Source: IUCN

Trusted

Article rating from 0 people

Default rating: 2.5 of 5

Population

Population
Currently population size/trends have not been assessed. This species is not present in FAO global production estimates. This species is naturally uncommon (L. Rocha pers comm. 2009).

Population Trend
Unknown
Creative Commons Attribution Non Commercial Share Alike 3.0 (CC BY-NC-SA 3.0)

© International Union for Conservation of Nature and Natural Resources

Source: IUCN

Trusted

Article rating from 0 people

Default rating: 2.5 of 5

Threats

Major Threats
Even though fishery landings of these and other medium to large-sized parrotfish species in the Caribbean have been steadily increasing, there is no apparent global decline in population sizes (Friedlander and Beets 2008). There are however, severe population declines in reefs close to densely populated areas around Haiti and Jamaica (Hawkins and Roberts 2004).

Parrotfishes show varying degrees of habitat preference and utilization of coral reef habitats, with some species spending the majority of their life stages on coral reefs, while others primarily utilize seagrass beds, mangroves, algal beds, and /or rocky reefs. Although the majority of the parrotfishes occur in mixed habitat (primarily inhabiting seagrass beds, mangroves, and rocky reefs) approximately 78% of these mixed habitat species are experiencing greater than 30% loss of coral reef area and habitat quality across their distributions. Of those species that occur exclusively in coral reef habitat, more than 80% are experiencing a greater than 30% of coral reef loss and degradation across their distributions. However, more research is needed to understand the long-term effects of habitat loss and degradation on these species populations. Widespread coral reef loss and declining habitat conditions are particularly worrying for species that depend on live coral reefs for food and shelter especially as studies have shown that protection of pristine habitats facilitate the persistence of adult populations in species that have spatially separated adult and juvenile habitats. Furthermore, coral reef loss and declining habitat conditions are particularly worrying for some corallivorous excavating parrotfishes that play major roles in reef dynamics and sedimentation (Comeros-Raynal et al. 2012).
Creative Commons Attribution Non Commercial Share Alike 3.0 (CC BY-NC-SA 3.0)

© International Union for Conservation of Nature and Natural Resources

Source: IUCN

Trusted

Article rating from 0 people

Default rating: 2.5 of 5

Least Concern (LC)
Creative Commons Attribution Non Commercial 3.0 (CC BY-NC 3.0)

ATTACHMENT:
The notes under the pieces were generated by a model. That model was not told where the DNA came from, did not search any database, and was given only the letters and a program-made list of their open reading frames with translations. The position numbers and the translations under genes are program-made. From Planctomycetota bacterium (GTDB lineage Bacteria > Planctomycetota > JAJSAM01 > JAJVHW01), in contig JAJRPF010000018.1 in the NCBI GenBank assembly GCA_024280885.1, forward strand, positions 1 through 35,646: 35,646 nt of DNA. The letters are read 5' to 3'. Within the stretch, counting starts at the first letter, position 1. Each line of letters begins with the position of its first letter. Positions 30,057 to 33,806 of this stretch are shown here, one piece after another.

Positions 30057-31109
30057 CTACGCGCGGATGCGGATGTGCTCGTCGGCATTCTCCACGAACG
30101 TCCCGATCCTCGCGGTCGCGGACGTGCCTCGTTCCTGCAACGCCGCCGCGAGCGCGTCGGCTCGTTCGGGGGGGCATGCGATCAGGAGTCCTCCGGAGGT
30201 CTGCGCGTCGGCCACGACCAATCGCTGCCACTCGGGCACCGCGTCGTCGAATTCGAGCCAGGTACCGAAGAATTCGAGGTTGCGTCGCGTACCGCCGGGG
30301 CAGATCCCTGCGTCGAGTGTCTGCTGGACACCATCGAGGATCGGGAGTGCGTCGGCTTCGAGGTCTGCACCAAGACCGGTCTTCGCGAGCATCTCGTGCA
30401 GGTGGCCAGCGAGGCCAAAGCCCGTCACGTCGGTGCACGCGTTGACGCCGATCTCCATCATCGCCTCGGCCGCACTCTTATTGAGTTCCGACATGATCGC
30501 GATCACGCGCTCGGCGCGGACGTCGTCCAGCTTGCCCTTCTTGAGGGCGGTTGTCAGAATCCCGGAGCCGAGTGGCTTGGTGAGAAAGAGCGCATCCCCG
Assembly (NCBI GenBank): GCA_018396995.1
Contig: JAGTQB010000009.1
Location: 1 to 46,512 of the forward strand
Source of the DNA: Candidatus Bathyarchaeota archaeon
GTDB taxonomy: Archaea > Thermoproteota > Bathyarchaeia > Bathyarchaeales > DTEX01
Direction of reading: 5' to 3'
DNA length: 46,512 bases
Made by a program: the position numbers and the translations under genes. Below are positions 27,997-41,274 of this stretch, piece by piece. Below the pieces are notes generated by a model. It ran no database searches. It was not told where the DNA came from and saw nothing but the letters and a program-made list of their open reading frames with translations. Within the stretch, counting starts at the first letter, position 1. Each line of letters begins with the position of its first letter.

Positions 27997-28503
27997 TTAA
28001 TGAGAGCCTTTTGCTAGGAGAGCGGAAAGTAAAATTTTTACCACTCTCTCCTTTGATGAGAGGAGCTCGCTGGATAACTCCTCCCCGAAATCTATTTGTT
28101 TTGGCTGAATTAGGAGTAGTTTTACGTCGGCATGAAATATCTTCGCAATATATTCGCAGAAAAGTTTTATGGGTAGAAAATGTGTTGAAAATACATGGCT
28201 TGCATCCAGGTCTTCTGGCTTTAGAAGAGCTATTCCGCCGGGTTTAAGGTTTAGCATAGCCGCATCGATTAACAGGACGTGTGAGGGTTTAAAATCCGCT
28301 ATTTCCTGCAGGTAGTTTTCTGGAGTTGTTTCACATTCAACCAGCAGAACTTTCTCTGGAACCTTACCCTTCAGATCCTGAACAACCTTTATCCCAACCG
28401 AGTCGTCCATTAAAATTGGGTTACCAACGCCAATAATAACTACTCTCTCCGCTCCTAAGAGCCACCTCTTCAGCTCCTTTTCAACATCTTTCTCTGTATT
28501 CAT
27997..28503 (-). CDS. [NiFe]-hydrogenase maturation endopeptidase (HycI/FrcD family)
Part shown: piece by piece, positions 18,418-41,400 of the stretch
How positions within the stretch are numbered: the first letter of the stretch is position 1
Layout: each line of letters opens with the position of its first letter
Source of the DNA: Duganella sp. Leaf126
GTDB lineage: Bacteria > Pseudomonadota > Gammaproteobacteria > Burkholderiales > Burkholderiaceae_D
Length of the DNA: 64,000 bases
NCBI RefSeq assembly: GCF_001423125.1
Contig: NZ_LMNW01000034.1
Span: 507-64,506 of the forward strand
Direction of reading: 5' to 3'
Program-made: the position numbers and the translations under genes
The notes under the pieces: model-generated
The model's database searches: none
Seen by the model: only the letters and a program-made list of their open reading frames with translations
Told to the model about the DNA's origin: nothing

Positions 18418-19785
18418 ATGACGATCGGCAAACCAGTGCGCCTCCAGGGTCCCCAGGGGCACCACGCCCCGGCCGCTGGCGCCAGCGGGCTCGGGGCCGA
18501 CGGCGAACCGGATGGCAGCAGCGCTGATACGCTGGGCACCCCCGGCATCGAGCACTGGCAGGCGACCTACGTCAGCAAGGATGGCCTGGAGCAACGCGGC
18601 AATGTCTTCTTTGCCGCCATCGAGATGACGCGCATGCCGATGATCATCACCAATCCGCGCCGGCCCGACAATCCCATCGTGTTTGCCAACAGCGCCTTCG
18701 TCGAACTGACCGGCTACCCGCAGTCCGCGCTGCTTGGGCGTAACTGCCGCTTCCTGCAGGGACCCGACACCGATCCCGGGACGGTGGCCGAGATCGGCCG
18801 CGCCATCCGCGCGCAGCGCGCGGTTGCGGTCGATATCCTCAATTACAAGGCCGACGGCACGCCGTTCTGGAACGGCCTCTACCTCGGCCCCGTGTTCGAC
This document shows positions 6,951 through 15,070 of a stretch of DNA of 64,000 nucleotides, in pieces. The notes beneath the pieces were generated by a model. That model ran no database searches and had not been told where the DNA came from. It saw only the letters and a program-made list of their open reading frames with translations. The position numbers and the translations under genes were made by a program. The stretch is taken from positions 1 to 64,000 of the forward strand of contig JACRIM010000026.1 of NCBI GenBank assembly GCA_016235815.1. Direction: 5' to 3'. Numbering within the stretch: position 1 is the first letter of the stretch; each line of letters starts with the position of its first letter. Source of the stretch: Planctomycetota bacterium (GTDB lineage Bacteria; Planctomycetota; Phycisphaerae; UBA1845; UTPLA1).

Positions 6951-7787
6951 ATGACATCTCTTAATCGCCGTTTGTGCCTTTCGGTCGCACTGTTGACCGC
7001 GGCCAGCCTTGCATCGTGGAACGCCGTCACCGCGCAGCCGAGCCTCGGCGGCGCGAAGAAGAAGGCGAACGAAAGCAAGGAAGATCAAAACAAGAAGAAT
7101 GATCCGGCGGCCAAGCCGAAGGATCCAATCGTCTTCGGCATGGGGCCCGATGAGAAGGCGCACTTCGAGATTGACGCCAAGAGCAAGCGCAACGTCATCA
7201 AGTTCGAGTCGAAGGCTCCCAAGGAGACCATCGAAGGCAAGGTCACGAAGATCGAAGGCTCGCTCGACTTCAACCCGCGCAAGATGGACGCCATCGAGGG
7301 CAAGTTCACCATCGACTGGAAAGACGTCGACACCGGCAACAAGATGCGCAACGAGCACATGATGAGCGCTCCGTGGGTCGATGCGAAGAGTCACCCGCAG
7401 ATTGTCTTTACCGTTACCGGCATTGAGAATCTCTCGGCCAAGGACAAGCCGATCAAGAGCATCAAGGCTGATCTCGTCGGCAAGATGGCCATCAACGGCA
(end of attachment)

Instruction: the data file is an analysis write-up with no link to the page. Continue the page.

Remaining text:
© FishBase

Source: FishBase

Trusted

Article rating from 0 people

Default rating: 2.5 of 5

Management

Conservation Actions

Conservation Actions
This species is present within several conservation areas throughout the Caribbean. Fisheries for all parrotfishes is permanently closed in Bermuda. It is protected and relatively abundant in Bonaire (J.H. Choat pers comm. 2009).
Creative Commons Attribution Non Commercial Share Alike 3.0 (CC BY-NC-SA 3.0)

© International Union for Conservation of Nature and Natural Resources

Source: IUCN

Trusted

Article rating from 0 people

Default rating: 2.5 of 5

Relevance to Humans and Ecosystems

Benefits

Importance

fisheries: minor commercial; aquarium: commercial; price category: high; price reliability: very questionable: based on ex-vessel price for species in this family
Creative Commons Attribution Non Commercial 3.0 (CC BY-NC 3.0)

© FishBase

Source: FishBase

Trusted

Article rating from 0 people

Default rating: 2.5 of 5

Wikipedia

Blue parrotfish

This article is about the fish in the Scarus genus. For the fish in the Sparisoma genus, see Sparisoma chrysopterum.

The blue parrotfish (Scarus coeruleus) is a member of the parrotfish genus Scarus. It is found on coral reefs in shallow water in the tropical and subtropical parts of the western Atlantic Ocean and the Caribbean Sea.

Description[edit]

They are uniformly blue with a yellow spot on their heads that fades as they age. They average 30–75 cm in length with a maximum length of 1.2 m. They develop a large "beak" like other parrotfish that is used for scraping algae and small organisms from rocks. They have pharyngeal teeth that grind ingested rocks into sand. No other species has this uniform blue color as adults.

Reproduction[edit]

In summer, blue parrotfish gather in spawning groups. Fertilization takes place and the females deposit their eggs into the water column after which they sink to the seabed. The eggs hatch after about twenty-five hours.[3]

Distribution and habitat[edit]

Blue parrotfish are found on coral reefs at depths of 3–25 m (9–82 ft) in the western Atlantic from Maryland in the United States to Bermuda, the Bahamas, and south to Brazil. They are also found throughout the West Indies but are absent from the northern part of the Gulf of Mexico. Juveniles are found in beds of turtle grass (Thalassia testudinum).[2]

Diet[edit]

Their diet consists of small organisms found in the sand and algae that they scrape off rocks. They spend 80% of their time searching for food.

Status[edit]

The blue parrotfish has a wide range and is abundant in much of that range, some of which is in marine conservation areas. Although larger individuals are targeted by fishermen, the population of this fish seems to be stable overall. For these reasons, the IUCN has listed this fish as being of "Least Concern".[1]

References[edit]

  1. ^ a b Rocha, L.A., Choat, J.H., Clements, K.D., Russell, B., Myers, R., Lazuardi, M.E., Muljadi, A., Pardede, S. & Rahardjo, P. 2012. Scarus coeruleus. In: IUCN 2012. IUCN Red List of Threatened Species. Version 2012.2. <www.iucnredlist.org>. Downloaded on 9 January 2013.
  2. ^ a b "Blue parrotfish". FishBase.org. Retrieved 4 February 2012. 
  3. ^ "Blue Parrotfishes, Scarus coeruleus". MarineBio Conservation Organisation. Retrieved 2013-12-27. 
Creative Commons Attribution Share Alike 3.0 (CC BY-SA 3.0)

Source: Wikipedia

Unreviewed

Article rating from 0 people

Default rating: 2.5 of 5

Disclaimer

EOL content is automatically assembled from many different content providers. As a result, from time to time you may find pages on EOL that are confusing.

To request an improvement, please leave a comment on the page. Thank you!